There is clearly a danger in being too meticulous and planning everything to the last detail. I remember meeting a colleague one evening who told me that he enjoyed reading the articles I wrote, but he felt that they were always so serious and made it seem like life had to always be so well planned and thought out. To him, they took the fun out of life. I told him that wasn’t the idea and that I totally agreed that life should not be an affair totally full of goals, study and all with no spontaneity. There has to be room for fun, spontaneity and the unexpected to happen.

It is for these reasons that I shun books or programs that have page after page of goal setting exercises and daily checklists and benchmarks. It is like the 200 page “how to study for an exam” books that I often came across whilst studying. If you spend your time reading such a book and mastering what it says, when are you going to have the time to study? It is the same with goals. If you spend all your time writing, analysing and perfecting goals and ticking checklists, when are you going to have the time to actually achieve anything?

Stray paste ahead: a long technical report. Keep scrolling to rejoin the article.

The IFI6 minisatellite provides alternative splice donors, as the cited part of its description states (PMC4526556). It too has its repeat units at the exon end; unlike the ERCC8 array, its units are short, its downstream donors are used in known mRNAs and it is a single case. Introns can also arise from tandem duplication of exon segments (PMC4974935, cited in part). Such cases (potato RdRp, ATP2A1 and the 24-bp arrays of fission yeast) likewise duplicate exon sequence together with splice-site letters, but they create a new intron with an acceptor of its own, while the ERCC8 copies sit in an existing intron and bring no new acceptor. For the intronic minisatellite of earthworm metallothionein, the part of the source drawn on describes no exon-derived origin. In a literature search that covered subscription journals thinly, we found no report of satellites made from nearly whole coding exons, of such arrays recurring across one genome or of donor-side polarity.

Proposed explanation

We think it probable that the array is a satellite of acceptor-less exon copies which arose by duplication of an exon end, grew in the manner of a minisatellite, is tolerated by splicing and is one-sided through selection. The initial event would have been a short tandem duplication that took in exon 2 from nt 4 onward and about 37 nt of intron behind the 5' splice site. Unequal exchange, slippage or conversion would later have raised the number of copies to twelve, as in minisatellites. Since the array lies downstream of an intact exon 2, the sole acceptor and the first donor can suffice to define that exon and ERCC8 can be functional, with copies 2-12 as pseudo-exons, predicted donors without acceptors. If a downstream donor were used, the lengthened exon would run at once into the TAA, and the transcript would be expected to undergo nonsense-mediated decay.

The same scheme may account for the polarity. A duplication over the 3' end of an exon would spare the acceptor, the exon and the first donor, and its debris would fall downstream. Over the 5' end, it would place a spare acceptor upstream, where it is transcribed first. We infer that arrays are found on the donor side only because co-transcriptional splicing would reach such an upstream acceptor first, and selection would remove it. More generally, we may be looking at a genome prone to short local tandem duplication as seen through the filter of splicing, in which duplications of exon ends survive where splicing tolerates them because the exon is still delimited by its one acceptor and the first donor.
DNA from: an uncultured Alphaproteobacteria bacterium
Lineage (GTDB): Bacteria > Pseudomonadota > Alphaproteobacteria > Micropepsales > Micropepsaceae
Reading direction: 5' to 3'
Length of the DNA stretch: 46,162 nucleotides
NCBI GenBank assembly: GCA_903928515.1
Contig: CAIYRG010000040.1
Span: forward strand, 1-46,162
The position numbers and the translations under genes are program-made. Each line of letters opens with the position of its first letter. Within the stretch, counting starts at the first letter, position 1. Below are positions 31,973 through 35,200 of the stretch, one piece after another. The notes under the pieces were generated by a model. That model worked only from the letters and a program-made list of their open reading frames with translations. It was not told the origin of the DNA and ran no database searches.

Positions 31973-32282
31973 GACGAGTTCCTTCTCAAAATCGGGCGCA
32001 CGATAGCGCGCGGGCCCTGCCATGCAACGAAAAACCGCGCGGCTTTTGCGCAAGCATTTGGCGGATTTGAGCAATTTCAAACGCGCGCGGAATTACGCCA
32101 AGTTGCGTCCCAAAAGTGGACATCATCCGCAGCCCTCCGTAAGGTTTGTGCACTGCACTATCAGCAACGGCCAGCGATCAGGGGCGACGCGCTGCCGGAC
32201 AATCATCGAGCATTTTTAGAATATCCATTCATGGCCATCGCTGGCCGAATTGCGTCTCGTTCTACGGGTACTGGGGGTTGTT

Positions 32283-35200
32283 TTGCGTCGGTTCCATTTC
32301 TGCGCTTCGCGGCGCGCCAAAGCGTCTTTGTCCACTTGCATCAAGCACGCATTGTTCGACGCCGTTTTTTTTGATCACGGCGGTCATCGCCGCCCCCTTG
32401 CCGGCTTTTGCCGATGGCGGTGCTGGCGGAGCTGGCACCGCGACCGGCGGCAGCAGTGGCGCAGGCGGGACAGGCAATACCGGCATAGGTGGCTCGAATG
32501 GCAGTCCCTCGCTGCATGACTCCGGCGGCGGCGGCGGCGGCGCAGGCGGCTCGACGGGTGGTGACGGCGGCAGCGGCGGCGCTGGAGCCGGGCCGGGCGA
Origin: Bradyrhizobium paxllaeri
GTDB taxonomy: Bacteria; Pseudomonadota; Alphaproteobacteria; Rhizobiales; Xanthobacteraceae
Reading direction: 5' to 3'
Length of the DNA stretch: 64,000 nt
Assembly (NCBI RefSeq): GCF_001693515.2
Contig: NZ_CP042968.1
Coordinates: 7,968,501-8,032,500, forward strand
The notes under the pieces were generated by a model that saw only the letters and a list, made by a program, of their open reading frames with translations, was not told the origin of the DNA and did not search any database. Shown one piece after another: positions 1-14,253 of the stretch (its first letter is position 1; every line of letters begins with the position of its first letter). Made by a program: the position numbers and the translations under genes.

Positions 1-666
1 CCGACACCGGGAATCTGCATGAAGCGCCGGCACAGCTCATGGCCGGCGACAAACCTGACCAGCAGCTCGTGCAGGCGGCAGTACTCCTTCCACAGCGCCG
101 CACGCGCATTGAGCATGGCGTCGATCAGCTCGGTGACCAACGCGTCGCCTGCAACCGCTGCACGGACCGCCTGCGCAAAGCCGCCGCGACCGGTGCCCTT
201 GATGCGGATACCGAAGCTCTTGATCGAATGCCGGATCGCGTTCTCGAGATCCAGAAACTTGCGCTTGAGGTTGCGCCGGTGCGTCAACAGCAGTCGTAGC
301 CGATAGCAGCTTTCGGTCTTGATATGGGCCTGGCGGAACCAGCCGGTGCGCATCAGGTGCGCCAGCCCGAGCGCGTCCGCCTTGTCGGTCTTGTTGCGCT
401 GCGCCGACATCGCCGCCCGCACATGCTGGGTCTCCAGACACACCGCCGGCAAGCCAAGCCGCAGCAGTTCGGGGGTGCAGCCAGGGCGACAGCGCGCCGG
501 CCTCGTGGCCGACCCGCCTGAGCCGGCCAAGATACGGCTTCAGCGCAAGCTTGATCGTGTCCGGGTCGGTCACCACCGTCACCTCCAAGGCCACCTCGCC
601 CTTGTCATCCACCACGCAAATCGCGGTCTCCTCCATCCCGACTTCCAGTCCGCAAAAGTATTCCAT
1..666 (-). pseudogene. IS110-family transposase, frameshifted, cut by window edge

Some of the pitfalls

The many paths of goal setting have certain traps which you need to be aware of. Like any good thing in life, they can cause more harm than good if used in excess or not used correctly. Dr. Elliot identifies several things to beware of as you set goals: perfectionism, impatience, thinking in the future and excess planning.

Perfectionism is perhaps the most common goal setting trap. Goals, by definition are meant to be ideals. However, that does not mean that in real life things will be so ideal. They are simply a guide, and you may have to adjust to realities as you go along. As Dr. Elliot says “the real world often gets in the way.” That is fine. There is more than one way to achieve anything. Being flexible and willing to make adjustments is important.

The trap of goal setting – don’t be a nitpicker